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Mensaje por Admin el Jue Nov 17, 2016 12:08 pm

English.
Here I paste a chapter of my short novel "My Name is Kumi", where I reflect my experience in Kenya working for three months in a local ONG, as a teacher for kids...

Chapter 2 Born in the Slum

Comparing my own experience with hers, maybe I can’t say neither I was happier nor I was even more unlucky. I was born just my way.
If Missis Nyemba, as she masterfully explains in her novel, was born in the forest, exactly inside the Nakuru Park, a forty miles wide reserve of wildlife close to Nakuru town, I was born in a slum.
Was she, since the very beginning of her life being just a small baby, exposed to all kind of risks? No. She wasn’t born under a bush, like a monkey or a gazelle, but inside a house. A good big house, surrounded by stone walls and furthermore by barbed wire fences almost two meters high. Inside the forest, yes, but conveniently protected by a physical shelter, the lions never could jump over and go across.
Her father being a ranger, a guardian of the forest, her family has the right of holding one of the rangers’ houses, built in the midst of the reserve, to make easier and faster her father’s mission: sheltering the species in danger, like rhinoceros, from the poachers’ attacks.
Her descriptive tales referred to lions roars and threats, or baboons’ frequent visits, or buffalo fights in time of oestrus females were really masterfully written and hugely designed, but for me were no more deeply impressive than a footage or a movie about wild animals passed on TV.
It was nothing compared with the case of my poor little neighbour Daisy. She was six years old, but her body was small, thin, malnourished and skeletal. But, in all this painful shape, there was such a cute face, such a beautiful head and such a tender heart! She was as sweet as a smile. But she was blind, my poor angel Daisy. Most of the day she was alone at the door of her hut, nobody looked after her and she pulled herself along, as a snail, looking for something to eat. But finally she didn’t find more than few blades of grass mixed with soil or a mango nugget. Sometimes someone who passed along would throw or put in her hand a cabbage leaf. If she was lucky, maybe at dusk, when mom would be back, Daisy could have a banana or a mango for dinner before going to lie on a cot to sleep. And so day after day, poor girl, until one afternoon, before her mother came, she died hungry, sick and alone like a dog.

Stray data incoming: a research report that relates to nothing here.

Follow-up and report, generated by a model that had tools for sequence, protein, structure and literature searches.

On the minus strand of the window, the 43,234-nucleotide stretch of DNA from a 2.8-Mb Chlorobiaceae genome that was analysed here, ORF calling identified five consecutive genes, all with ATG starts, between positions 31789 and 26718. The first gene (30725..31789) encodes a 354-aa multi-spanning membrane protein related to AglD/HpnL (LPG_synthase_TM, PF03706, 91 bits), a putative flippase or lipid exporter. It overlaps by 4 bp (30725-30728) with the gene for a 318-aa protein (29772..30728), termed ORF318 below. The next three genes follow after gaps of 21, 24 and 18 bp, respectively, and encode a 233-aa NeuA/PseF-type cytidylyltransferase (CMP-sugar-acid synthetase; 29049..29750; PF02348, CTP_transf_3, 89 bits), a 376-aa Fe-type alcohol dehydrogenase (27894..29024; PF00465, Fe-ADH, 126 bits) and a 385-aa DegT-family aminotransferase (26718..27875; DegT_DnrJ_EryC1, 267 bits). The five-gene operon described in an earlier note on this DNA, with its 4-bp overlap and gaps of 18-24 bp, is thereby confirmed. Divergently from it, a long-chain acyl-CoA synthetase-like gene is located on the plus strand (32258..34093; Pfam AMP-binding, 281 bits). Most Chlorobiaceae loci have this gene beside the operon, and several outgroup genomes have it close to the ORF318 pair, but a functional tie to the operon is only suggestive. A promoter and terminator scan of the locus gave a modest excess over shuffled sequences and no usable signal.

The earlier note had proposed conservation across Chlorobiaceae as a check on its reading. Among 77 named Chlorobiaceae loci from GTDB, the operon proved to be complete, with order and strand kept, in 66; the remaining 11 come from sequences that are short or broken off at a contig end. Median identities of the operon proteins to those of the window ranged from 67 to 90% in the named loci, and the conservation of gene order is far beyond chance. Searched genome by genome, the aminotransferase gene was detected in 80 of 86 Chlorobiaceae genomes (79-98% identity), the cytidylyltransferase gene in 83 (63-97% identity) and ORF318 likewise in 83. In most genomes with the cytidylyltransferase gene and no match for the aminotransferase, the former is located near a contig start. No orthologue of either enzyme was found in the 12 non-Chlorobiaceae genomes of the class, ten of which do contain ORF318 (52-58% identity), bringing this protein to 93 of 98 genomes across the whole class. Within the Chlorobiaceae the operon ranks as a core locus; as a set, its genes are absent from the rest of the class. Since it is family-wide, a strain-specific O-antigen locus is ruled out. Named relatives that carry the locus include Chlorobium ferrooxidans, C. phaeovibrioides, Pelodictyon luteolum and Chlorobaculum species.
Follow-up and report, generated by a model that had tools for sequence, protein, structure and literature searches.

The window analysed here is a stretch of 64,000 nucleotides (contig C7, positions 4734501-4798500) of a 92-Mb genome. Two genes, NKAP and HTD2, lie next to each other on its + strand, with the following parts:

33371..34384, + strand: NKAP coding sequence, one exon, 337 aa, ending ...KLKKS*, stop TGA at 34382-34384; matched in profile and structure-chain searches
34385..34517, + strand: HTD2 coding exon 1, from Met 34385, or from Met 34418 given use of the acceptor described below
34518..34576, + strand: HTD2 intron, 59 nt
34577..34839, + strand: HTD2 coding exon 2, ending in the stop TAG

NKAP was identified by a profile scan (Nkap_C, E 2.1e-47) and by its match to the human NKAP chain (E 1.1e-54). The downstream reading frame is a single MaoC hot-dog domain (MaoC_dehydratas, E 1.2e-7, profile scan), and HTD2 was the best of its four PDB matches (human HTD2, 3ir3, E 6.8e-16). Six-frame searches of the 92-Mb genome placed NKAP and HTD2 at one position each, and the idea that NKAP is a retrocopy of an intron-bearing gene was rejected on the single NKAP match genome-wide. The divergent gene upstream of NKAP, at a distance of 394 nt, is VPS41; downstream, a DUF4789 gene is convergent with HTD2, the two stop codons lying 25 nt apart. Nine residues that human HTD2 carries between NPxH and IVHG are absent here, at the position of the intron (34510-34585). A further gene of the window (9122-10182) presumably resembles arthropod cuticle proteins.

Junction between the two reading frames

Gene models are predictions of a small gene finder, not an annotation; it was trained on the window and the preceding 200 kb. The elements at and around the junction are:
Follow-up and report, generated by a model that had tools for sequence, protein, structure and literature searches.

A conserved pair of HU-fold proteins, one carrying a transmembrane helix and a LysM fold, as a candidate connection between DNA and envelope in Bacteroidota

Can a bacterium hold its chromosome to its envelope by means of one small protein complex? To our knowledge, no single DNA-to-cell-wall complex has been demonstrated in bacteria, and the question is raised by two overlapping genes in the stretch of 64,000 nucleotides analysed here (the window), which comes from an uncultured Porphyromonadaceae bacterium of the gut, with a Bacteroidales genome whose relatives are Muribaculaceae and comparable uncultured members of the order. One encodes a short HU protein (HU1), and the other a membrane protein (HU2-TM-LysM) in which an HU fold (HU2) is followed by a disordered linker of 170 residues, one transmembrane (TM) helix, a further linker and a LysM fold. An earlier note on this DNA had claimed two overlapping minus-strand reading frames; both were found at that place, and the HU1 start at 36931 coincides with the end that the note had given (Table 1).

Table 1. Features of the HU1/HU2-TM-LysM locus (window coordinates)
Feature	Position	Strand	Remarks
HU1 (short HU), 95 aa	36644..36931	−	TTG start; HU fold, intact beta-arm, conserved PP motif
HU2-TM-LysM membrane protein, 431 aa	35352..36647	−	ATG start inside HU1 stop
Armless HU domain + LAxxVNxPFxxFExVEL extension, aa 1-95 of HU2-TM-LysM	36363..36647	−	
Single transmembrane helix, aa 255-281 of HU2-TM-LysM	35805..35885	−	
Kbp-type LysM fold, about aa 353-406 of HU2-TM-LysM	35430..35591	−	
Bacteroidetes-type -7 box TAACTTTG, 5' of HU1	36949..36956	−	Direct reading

Poor Daisy! Such a cute face, such a smile in her mouth! Such a night in her eyes! Such a diamond in her soul!... She was no threaten by lions, no frightened by baboons, no attacked by a snake. She was the victim of other more horrible monsters living in our slum: Hunger, Abandonment, Disease and Hopelessness.

Here, in such a miserable slum I was born.
I saw Daisy every day, but I couldn’t do anything for her, because we were so poor as she was.
Yes. A lot of poor people living in a hut and a smelly slum. We were fourteen in my family. My dad, my mom and twelve siblings. Only two after me. “Finally no more”, said my mom very often with a sigh. She felt herself relieved and free when a quack told her she wouldn’t be able to have more children, and I can understand her, because giving birth and breeding twelve children is really very, very hard.
But I remember my father, when he was angry because his motor bike was out of order and he couldn’t work, saying “What a disgrace! In all houses everywhere sometimes one sibling dies, except in our house. Here all of them live, all of them eat and we must buy food, clothes and shoes for all of them!”...
Now, when I am almost eighteen, my mother is fifty six and my father is dead, I remember these damned words and I pray God for him. But sincerely I must admit that when he was alive and angry and was telling this devil of phrase before us, I could understand him and sometimes in the night, trying to sleep on a cot with a bunch of six siblings fighting to get their own place, I prayed God to be me the first one... I was ready to die.

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